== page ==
Heritage Action, founded in 2010, is the activist wing of the conservative think tank The Heritage Foundation. Heritage Action’s website shows their top issues being immigration, healthcare, employee rights act, food stamps, military ESAs, rescissions, confirm President Trump’s nominee, and Child Welfare Provider Inclusion Act. (heritageaction.com) Each of which has a conservative take on why they agree/disagree with the issues. Focusing on immigration, their four principles are: “enforcing U.S. immigration law, securing our border, opposing amnesty, and implementing merit-based legal immigration reform.” (heritageaction.com) The last principle previously stated is the key to the compromise between FWD and Heritage Action. One of the ways this principle can happen is by allowing more highly skilled immigrants to come into the country with visas legally. The main problem with that is there aren’t enough to be given since there is currently a low limit of visas being given by the United States government. Both FWD and Heritage Action agree that there needs to be an increase in the limit; the common ground between these two groups is the H1-B Visa.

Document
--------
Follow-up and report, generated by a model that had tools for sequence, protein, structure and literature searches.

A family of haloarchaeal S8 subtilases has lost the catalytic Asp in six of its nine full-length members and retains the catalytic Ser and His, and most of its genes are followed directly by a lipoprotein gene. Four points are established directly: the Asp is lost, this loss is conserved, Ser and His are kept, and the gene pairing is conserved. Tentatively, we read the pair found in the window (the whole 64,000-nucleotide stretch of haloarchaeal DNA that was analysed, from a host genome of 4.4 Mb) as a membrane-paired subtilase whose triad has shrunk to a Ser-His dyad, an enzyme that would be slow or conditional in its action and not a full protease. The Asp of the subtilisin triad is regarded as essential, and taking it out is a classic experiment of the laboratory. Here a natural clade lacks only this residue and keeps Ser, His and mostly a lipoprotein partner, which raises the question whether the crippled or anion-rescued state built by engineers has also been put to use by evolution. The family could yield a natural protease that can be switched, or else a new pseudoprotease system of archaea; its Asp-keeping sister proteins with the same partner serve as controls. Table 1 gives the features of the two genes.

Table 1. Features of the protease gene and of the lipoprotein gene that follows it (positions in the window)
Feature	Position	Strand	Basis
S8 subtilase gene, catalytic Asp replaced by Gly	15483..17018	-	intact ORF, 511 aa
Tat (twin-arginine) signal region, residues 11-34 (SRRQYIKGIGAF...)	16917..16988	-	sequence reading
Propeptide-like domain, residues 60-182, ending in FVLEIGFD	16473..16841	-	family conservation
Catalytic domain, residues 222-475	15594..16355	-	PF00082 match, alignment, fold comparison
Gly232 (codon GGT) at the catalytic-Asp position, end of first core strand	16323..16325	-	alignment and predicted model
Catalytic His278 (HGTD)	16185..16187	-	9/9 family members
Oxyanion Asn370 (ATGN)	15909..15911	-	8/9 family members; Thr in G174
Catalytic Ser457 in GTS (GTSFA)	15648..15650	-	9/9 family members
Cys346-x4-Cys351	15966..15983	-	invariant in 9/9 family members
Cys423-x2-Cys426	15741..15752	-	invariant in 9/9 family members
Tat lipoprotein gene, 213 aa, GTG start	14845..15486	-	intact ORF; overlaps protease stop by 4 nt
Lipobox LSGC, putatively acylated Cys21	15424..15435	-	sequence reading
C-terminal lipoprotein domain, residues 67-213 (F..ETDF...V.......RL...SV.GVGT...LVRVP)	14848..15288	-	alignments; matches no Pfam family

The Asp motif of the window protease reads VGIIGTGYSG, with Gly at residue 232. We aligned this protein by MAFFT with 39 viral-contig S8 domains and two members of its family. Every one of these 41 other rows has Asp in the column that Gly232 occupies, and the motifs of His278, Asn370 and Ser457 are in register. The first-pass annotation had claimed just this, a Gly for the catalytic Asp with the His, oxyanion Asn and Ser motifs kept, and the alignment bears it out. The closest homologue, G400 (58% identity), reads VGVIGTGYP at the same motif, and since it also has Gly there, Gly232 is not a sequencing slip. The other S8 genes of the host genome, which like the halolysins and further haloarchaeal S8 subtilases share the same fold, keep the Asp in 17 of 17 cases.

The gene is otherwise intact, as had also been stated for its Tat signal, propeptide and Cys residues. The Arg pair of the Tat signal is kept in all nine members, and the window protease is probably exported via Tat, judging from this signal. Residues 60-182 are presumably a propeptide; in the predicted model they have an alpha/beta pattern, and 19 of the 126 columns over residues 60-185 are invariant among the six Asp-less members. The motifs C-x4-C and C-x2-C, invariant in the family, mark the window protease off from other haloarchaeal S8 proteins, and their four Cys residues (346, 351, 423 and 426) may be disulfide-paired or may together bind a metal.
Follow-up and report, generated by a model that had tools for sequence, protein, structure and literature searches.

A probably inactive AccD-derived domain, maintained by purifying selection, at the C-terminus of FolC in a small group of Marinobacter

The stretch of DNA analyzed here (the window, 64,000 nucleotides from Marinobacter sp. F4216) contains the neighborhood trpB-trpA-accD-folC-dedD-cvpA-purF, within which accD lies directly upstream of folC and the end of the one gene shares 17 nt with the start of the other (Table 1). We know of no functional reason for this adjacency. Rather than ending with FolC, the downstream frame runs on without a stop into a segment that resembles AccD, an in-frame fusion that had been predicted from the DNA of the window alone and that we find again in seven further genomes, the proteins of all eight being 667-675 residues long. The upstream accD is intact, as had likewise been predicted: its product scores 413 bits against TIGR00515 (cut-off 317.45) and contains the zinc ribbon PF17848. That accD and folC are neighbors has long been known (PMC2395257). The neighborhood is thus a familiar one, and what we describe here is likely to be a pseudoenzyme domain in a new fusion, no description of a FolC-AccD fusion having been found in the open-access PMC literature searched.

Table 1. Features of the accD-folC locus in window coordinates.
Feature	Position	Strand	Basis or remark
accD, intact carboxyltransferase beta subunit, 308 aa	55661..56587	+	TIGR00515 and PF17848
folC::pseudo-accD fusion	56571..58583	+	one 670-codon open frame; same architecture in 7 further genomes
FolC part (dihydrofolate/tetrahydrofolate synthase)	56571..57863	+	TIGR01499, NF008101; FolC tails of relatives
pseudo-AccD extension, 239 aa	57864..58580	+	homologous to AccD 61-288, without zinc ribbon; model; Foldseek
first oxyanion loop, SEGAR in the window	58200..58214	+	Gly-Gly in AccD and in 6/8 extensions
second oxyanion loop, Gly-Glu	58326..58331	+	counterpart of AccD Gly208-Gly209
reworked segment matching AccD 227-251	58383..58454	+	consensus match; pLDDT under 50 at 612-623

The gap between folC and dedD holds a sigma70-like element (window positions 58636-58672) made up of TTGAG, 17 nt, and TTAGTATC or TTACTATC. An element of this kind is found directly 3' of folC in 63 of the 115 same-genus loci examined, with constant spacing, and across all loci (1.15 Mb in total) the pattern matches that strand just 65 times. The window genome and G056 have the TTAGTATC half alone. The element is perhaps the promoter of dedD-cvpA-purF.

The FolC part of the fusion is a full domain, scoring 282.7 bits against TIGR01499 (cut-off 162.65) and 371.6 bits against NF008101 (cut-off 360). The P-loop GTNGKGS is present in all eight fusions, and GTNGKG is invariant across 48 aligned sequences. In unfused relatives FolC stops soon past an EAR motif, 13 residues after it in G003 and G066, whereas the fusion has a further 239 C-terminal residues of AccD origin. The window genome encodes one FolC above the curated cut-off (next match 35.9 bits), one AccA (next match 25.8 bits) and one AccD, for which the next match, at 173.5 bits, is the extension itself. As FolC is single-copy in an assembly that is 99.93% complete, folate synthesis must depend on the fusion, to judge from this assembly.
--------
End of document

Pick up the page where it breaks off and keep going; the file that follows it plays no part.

The H1-B visa, which provides a work visa for high skilled immigrants (uscis.gov), is the key to the compromise on immigration between the stakeholders. These groups both agree that the limit on these visas needs to be raised; one because it makes it easier for immigrants to come legally, and two, it gives the United States higher skilled workers, thus benefiting the national economy. With this agreement, a compromise can then begin to be made. According to Heritage, “raising the cap to 195,000 visas would increase revenues by a total of nearly $69 billion over eight years” (Nell and Sherk, heritage.com). FWD strongly agrees by quoting Eric Schmidt, former Google Executive Chairman, on their website saying, “I spent the last 20 years announcing that the single stupidest policy in the entire American political system was the limit on H-1B visas” (fwd.us). Raising the visa caps, especially H-1B visas, will benefit the economy not just money wise, but bringing the greatest minds from around the world into the United States will bring amazing advancements and innovations that would benefit everyone.